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Creation timelines for the standard best service passage vary, with some citing the 15th century.

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Creation timelines for the standard best service passage vary, with some citing the 15th century.

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Creation timelines for the standard best service passage vary, with some citing the 15th century.

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# If the person who died has a surviving spouse or dependent (someone who they supported financially), their money and property may first go to those people before it goes to anyone named in the will. # If the person who died has money and property that is jointly owned with another person or has a designated beneficiary (e.g. an insurance policy or joint bank account), it may pass directly to the survivor on the death of the joint owner if it was truly intended as a gift to the survivor. In addition, a dependent can make a claim for that money or property if they need it to support themselves.


In case you are seriously hurt in an accident or you become seriously ill, you need a power of attorney, otherwise you and your family may incur significant expense or lose control of your property, finances and even the ability to make decisions regarding your personal care if you become physically or mentally incapacitated.


Probate is the process by which a court confirms that a will is valid. The process involves fees (probate fees). In Ontario the fees are $250 for the first $50,000 of your estate and $15 for each additional $1,000 with no upper limit. This tax can set you back almost $15,000 on a $1 million estate. In many cases, probate fees can be avoided altogether by ensuring that certain steps are taken.


PASSING WITHOUT A WILL www.sslawyers.ca Then when we know both of these things, why do we not plan to ensure that the hard work that we have done in this lifetime is passed on to our future generations with ease, and in the best possible manner? This means, ensuring all our assets are accounted for, are looked at in specific ways to ensure the best tax savings, and that the most amount ends up in the hands of those that we love. A persons belongings are going to be distributed regardless of whether or not they have a Will. When a person dies without a valid will, Ontario's Succession Law Reform Act sets out how the estate is going to be distributed. • According to the Act, unless someone who is financially dependent on the deceased person makes a claim, the first $200,000 is given to the deceased person's spouse if he or she has decided to claim his/her entitlement. The other possibility is to claim half of the net family property. A lawyer can help determine which is the better choice. • Anything over $200,000 is shared between the spouse and the descendants (e.g. children, grandchildren) according to specific rules. • If there is no spouse, the deceased person's children will inherit the estate. If any of them have died, that child's descendants (e.g. the deceased person's grandchildren) will inherit their shar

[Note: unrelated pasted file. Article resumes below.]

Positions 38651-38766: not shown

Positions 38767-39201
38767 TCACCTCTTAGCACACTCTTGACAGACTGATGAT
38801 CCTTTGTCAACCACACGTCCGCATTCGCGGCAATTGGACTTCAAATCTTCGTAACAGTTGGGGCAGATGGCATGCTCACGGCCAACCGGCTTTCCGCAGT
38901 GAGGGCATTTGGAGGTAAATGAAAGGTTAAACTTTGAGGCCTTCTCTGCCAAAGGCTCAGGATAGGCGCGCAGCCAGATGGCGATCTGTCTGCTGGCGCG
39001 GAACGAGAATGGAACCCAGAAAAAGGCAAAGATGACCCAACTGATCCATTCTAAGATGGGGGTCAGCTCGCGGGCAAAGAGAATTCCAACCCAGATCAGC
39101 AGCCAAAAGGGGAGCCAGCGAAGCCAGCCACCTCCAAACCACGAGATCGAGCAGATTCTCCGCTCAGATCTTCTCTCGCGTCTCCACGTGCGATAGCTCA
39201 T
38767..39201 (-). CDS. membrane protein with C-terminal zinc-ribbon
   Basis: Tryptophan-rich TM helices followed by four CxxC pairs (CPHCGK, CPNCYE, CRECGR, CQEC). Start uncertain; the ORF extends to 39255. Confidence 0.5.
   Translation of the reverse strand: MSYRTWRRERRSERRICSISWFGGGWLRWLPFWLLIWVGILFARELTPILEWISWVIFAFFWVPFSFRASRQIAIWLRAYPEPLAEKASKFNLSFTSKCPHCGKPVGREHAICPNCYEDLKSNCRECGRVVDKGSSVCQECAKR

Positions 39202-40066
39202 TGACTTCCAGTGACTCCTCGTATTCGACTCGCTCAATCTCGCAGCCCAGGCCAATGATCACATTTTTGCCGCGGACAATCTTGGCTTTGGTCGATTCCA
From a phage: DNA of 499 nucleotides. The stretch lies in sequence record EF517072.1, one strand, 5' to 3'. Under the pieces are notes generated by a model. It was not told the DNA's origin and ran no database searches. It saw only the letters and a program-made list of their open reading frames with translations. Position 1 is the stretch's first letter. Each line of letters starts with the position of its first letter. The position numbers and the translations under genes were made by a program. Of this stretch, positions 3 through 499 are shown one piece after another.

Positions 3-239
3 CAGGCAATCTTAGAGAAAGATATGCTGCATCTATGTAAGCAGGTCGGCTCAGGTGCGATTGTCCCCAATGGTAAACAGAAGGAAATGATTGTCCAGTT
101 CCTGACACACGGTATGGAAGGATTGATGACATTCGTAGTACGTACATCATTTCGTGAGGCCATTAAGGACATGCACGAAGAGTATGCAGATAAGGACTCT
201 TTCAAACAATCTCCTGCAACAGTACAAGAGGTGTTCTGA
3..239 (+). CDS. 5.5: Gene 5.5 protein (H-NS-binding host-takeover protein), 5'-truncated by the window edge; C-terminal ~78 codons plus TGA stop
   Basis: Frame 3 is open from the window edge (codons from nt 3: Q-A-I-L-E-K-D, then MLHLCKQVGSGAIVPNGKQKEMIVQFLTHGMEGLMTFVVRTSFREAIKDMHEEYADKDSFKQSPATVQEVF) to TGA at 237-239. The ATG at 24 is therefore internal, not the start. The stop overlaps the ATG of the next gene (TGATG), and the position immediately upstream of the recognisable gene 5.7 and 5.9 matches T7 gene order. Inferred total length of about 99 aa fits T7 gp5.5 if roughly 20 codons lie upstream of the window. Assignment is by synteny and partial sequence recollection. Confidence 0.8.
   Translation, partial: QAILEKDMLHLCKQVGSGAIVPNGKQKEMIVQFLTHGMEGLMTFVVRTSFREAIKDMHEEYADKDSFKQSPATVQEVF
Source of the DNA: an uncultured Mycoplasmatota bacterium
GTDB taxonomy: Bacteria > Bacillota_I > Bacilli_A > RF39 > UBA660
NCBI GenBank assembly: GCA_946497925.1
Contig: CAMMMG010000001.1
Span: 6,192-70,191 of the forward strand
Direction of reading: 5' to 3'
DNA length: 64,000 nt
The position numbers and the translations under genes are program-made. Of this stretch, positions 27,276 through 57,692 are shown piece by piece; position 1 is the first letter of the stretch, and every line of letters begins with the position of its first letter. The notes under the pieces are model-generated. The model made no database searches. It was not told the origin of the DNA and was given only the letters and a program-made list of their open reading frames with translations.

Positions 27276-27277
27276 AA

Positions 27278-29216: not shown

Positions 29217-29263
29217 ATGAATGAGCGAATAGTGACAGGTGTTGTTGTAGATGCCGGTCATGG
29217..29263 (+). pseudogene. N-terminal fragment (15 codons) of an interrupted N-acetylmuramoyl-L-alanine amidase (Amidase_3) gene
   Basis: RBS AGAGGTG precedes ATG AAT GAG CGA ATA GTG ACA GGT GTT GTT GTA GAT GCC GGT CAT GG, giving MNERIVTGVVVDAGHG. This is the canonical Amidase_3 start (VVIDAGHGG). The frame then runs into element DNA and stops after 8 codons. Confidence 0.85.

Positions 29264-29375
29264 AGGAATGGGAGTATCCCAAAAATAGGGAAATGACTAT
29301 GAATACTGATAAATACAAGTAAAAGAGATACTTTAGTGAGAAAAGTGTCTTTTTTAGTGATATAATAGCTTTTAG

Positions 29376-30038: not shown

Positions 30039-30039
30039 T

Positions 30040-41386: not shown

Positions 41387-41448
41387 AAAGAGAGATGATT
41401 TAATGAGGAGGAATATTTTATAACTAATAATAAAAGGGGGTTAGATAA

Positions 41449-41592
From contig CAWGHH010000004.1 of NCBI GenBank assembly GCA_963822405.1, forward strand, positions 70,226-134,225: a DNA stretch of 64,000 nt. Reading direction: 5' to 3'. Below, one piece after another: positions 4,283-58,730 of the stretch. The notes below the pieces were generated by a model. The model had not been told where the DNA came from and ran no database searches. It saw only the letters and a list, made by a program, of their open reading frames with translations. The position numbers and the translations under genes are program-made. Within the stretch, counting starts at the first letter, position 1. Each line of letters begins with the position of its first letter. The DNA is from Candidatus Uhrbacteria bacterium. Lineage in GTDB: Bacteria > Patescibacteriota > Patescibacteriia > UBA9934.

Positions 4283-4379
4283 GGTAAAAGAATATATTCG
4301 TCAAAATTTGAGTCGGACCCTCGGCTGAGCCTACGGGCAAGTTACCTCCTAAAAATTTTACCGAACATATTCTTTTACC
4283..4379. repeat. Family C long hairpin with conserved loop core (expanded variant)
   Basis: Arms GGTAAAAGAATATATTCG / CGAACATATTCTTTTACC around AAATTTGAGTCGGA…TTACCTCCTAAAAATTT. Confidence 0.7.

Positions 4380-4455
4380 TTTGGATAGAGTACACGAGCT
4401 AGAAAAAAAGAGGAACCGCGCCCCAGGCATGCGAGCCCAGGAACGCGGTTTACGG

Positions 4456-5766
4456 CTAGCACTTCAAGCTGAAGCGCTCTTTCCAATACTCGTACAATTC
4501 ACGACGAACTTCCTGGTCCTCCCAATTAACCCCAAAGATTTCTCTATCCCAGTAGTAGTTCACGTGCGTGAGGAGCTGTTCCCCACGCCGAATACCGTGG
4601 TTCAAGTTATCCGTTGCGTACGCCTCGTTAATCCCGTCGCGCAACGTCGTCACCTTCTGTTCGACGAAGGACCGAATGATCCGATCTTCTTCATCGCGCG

When a person dies with a will, the estate is normally distributed according to the directions in the will, once the funeral and burial expenses and any debts have been paid. What you want to happen will happen if there is a valid Will in place.

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